Today I read a heart-wrenching piece on Kveller.com written by a mom of new baby twins who is trying very, very hard to breastfeed her little babies and has been successful, despite hurdles that could throw anyone for a loop. She has a supportive husband who obviously cares about her, but she caught him making bottles of formula for their babies, despite an agreement that they would be breastfed. She was, and still is, hurt, which is totally, absolutely understandable. Even if her husband had the best intentions (and I’m pretty sure he did), trying to sneak formula underneath her nose isn’t exactly a great move on his part.
But what really struck me, and really made me sad, were some of the comments. (I know, I know. Don’t read the comments of anything on the internet!) To paraphrase a few of the themes:
- Saying that you’re upset about this situation further stigmatizes mothers who have to or choose to use formula.
- Formula is not poison!
- You obviously weren’t making enough milk to satisfy them, and babies need to be fed.
- I wish I hadn’t been so adamant about breastfeeding because I could have given formula and enjoyed my babies more.
If the goal is to support moms, and to do away with the Mommy Wars, we have to respect moms who don’t want to breastfeed, or can’t, or decide not to. But we also need to support moms who DO want to breastfeed, and you cannot do that if you minimize their desires and goals.
This particular mom described how fat and healthy her babies were growing on her own milk; obviously, she did not have a milk supply problem. Her babies were far from starving; not to mention, babies cry for more reasons than a desire for food alone. Wanting to not use formula is not the same as saying formula is poison, and the mere existence of women who breastfeed does not serve to stigmatize those women who cannot or do not. And as far as enjoying twins goes—I’m not so sure it’s an enjoyable experience in the first year, except in small spurts, regardless of your feeding method. (I wrote earlier about how to maintain sanity while breastfeeding; those tips can help you carve out more happy moments, too.)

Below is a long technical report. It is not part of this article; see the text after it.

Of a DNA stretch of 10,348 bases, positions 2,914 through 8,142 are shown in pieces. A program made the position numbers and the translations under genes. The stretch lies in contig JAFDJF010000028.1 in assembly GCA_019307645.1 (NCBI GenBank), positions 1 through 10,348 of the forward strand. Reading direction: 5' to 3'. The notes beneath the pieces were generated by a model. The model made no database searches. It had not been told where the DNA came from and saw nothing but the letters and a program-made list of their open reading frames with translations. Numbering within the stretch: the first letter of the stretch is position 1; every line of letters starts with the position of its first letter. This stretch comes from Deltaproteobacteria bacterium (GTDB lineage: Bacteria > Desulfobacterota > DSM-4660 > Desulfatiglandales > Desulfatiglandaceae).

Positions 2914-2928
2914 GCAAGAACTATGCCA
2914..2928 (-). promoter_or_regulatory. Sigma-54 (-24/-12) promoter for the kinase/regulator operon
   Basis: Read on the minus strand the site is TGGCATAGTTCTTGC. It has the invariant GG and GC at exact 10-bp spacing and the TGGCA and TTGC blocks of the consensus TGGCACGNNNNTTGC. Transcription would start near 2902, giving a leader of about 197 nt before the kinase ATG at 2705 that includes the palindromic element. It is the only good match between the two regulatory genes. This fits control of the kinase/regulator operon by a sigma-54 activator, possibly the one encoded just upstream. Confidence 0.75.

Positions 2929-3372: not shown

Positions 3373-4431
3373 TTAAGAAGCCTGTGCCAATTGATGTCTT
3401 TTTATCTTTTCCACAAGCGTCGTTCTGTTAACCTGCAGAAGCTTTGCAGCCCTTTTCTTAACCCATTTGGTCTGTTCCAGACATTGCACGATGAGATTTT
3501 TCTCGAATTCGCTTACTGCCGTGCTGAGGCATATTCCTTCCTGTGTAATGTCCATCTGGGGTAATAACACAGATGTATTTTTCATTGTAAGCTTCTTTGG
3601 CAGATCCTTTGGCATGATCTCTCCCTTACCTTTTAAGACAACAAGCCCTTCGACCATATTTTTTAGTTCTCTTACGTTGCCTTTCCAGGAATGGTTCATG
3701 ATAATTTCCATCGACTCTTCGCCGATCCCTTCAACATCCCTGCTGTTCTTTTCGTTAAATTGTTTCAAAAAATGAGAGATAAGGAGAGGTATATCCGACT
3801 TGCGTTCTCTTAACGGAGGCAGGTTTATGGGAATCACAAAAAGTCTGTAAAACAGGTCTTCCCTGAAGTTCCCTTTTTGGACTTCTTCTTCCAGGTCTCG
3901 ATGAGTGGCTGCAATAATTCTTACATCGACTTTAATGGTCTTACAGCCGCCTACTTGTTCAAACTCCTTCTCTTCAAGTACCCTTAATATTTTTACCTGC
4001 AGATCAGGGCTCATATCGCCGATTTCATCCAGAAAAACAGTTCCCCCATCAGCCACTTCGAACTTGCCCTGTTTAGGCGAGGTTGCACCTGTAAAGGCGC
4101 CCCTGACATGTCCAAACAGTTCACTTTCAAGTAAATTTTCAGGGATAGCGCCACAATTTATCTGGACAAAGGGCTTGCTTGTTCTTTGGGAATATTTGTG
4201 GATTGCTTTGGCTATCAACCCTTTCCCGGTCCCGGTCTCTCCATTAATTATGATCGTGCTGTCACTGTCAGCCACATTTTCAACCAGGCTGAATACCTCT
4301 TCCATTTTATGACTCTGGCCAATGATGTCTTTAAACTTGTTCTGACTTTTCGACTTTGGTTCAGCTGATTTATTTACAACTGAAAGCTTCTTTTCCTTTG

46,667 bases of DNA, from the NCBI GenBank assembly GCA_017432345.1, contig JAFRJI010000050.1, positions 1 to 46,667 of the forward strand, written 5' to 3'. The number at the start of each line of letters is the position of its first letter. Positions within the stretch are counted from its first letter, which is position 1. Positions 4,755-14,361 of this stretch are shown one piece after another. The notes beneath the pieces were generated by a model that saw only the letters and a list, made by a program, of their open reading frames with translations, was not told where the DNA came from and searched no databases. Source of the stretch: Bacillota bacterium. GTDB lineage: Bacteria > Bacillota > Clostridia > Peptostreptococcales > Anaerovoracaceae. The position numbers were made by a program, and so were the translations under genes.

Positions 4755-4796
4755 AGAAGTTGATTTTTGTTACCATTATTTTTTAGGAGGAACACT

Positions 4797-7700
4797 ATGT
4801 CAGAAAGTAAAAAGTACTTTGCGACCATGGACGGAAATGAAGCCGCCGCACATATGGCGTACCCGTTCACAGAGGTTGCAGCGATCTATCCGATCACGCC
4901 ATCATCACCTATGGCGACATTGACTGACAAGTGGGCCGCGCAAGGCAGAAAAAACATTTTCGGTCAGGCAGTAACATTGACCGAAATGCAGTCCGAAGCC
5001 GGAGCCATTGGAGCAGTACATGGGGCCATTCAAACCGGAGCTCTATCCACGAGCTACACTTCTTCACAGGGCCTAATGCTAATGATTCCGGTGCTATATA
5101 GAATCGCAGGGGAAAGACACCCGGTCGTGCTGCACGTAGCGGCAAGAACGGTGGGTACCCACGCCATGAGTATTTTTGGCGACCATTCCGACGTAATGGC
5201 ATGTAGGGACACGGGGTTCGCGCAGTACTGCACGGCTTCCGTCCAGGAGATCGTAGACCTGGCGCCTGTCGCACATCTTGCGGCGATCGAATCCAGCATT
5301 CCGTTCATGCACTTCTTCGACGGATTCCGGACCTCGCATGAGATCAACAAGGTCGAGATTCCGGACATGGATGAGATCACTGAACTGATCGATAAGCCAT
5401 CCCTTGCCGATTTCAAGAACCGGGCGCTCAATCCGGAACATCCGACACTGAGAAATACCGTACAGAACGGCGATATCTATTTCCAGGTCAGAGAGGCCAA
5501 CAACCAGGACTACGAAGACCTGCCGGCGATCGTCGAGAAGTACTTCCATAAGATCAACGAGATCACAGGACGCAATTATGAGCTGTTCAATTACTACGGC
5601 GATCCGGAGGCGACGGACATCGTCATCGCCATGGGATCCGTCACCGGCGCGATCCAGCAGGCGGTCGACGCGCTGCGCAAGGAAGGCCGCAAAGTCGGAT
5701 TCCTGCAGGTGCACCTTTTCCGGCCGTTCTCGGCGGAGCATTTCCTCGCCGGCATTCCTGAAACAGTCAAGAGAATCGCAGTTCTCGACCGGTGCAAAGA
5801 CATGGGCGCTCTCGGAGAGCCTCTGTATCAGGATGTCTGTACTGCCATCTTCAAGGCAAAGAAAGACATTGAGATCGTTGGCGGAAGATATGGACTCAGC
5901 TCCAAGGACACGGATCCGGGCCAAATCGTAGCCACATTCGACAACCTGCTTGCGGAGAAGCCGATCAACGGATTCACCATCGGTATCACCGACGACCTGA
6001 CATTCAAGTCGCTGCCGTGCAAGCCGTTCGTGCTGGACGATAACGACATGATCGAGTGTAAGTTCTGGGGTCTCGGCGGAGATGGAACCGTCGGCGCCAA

So very few of the comments on the Kveller website and Facebook page seemed to acknowledge that this is a mom who wants to breastfeed. Breastfeeding moms, generally speaking, don’t want their babies to have bottles of formula. This should not be hard to understand or difficult to honor.
Respecting moms goes both ways, and it just isn’t respectful to tell a mom who is breastfeeding that she obviously isn’t doing a good enough job, and one bottle (or several) doesn’t matter, anyway. Breastfeeding matters to her; if you can’t figure out something to say that honors that, don’t say anything at all.